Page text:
Indian-American Appointed to Key Counter Spying Job
WASHINGTON: Indian-American Anita M. Singh has been appointed to a key post in the Justice Department’s National Security Division (NSD) as part of a restructuring to counter state-sponsored economic espionage and proliferation, including through cyberspace.
The strategic changes are designed to put additional focus on the protection of national assets from such threats and to empower US attorneys as they conduct outreach on these issues, assistant attorney general for National Security John P. Carlin announced.
Singh, who has been appointed Chief of Staff and Counsellor after serving in an acting capacity for nearly a-year and-a-half "focuses on strategic management issues, including the design of structural changes to support work in emerging threat areas".
Singh joined NSD as Deputy Chief of Staff in 2011 after serving as director for intelligence programmes and reform at the White House on the National Security Council staff, where she focused on cyber-related issues.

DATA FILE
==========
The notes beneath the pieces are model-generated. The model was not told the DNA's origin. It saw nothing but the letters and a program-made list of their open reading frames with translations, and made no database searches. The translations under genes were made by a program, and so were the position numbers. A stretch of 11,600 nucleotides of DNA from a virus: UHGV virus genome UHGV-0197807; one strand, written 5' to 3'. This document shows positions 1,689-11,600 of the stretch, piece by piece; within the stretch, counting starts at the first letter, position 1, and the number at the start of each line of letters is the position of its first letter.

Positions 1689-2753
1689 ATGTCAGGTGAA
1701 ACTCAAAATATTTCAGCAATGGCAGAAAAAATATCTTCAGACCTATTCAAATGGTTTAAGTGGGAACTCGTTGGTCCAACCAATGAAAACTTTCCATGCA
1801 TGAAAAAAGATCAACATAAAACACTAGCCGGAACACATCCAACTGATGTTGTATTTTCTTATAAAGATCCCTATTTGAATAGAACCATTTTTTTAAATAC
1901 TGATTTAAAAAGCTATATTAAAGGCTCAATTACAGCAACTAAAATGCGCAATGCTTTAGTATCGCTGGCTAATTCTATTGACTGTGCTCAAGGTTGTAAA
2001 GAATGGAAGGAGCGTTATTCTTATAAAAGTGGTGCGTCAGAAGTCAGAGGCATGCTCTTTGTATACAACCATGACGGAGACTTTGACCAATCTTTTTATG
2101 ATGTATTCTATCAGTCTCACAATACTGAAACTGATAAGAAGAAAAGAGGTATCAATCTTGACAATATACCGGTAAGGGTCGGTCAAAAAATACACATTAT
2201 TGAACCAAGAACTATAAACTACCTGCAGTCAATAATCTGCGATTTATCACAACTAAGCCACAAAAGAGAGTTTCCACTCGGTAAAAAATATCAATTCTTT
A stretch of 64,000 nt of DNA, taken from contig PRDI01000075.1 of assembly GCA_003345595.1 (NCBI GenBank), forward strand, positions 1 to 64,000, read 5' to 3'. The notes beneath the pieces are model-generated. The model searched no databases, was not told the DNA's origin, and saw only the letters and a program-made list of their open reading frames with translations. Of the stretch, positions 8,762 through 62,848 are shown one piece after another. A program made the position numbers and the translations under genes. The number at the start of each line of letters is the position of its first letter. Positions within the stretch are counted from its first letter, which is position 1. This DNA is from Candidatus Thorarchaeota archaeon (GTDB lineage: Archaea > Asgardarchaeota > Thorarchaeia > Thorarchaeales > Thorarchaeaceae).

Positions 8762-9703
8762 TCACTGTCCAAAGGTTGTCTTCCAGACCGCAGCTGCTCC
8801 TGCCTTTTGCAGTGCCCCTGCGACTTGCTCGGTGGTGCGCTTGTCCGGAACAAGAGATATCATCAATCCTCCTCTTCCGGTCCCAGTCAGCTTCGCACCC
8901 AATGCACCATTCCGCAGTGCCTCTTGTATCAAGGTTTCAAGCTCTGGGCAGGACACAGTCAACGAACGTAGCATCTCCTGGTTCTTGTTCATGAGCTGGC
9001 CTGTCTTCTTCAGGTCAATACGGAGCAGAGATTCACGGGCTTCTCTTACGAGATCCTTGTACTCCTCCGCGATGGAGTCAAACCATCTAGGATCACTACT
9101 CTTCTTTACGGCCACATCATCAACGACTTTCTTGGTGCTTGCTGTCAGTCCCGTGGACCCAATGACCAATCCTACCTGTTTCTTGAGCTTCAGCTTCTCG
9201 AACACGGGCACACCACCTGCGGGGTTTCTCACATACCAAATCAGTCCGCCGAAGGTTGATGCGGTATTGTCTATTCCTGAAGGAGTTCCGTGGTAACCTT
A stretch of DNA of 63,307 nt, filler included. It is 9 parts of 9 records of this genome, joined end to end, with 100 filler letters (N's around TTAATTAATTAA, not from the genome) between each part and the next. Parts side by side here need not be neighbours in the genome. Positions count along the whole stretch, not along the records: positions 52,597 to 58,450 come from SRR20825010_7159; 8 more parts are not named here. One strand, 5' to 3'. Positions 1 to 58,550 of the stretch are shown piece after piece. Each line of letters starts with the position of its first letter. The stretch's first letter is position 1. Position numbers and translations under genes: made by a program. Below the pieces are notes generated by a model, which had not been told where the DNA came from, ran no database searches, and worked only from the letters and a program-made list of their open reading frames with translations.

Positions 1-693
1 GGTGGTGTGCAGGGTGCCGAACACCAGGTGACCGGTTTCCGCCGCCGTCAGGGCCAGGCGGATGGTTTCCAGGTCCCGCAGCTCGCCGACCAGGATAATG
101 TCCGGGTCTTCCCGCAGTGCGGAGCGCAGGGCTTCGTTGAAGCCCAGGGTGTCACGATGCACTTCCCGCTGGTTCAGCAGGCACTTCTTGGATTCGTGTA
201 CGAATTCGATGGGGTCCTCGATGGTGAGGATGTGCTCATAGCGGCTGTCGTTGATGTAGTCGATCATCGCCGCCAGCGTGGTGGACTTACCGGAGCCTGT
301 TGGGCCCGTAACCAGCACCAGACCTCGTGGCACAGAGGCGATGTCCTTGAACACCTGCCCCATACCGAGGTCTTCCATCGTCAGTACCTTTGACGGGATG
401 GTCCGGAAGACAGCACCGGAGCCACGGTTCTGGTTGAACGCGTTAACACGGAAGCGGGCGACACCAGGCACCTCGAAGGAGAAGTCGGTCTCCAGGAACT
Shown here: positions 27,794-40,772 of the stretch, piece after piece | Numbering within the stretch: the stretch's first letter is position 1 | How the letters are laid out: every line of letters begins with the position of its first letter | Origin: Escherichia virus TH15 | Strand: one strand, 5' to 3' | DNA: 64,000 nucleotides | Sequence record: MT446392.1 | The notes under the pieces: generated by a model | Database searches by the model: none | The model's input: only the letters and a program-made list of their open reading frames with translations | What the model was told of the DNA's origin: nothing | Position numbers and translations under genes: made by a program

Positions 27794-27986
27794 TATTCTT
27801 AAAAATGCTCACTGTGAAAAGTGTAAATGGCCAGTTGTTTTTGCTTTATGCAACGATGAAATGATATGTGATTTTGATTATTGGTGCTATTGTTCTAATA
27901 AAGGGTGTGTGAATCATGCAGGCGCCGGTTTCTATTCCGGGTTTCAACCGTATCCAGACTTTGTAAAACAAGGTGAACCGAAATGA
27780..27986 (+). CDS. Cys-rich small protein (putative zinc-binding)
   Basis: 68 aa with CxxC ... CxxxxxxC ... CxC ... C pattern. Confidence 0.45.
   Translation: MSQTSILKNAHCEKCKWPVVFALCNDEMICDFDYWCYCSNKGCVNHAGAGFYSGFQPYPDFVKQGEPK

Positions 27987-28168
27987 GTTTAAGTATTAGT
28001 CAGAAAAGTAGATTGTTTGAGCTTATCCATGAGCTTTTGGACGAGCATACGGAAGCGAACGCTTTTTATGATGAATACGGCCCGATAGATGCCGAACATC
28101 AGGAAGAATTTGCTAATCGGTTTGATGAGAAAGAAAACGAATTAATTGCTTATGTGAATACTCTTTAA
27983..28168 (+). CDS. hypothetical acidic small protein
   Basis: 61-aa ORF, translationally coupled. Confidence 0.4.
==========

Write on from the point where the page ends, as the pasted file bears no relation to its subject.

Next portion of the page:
Singh began her legal career through the justice department’s honours programme, serving in the criminal division’s computer crime and intellectual property section, and later as a counsel, focused on cybersecurity, to several assistant attorneys general.
Prior to entering government service, Singh was a management strategy consultant with the Boston Consulting Group. She graduated with her JD and AM from the University of Pennsylvania Law School.
“The threat landscape we face is ever-changing and evolving, and while our top priority will always be combating terrorism, we must also sharpen our focus and increase our attention on the emerging threats of economic espionage and proliferation,” said Carlin.
“We have assembled a talented, dedicated and experienced team of seasoned professionals to launch this new phase for the National Security Division,” he said.
"These changes will help us continue confronting today’s threats while readying the NSD workforce to engage what we see as the key emerging threats to our national security,” Carlin said.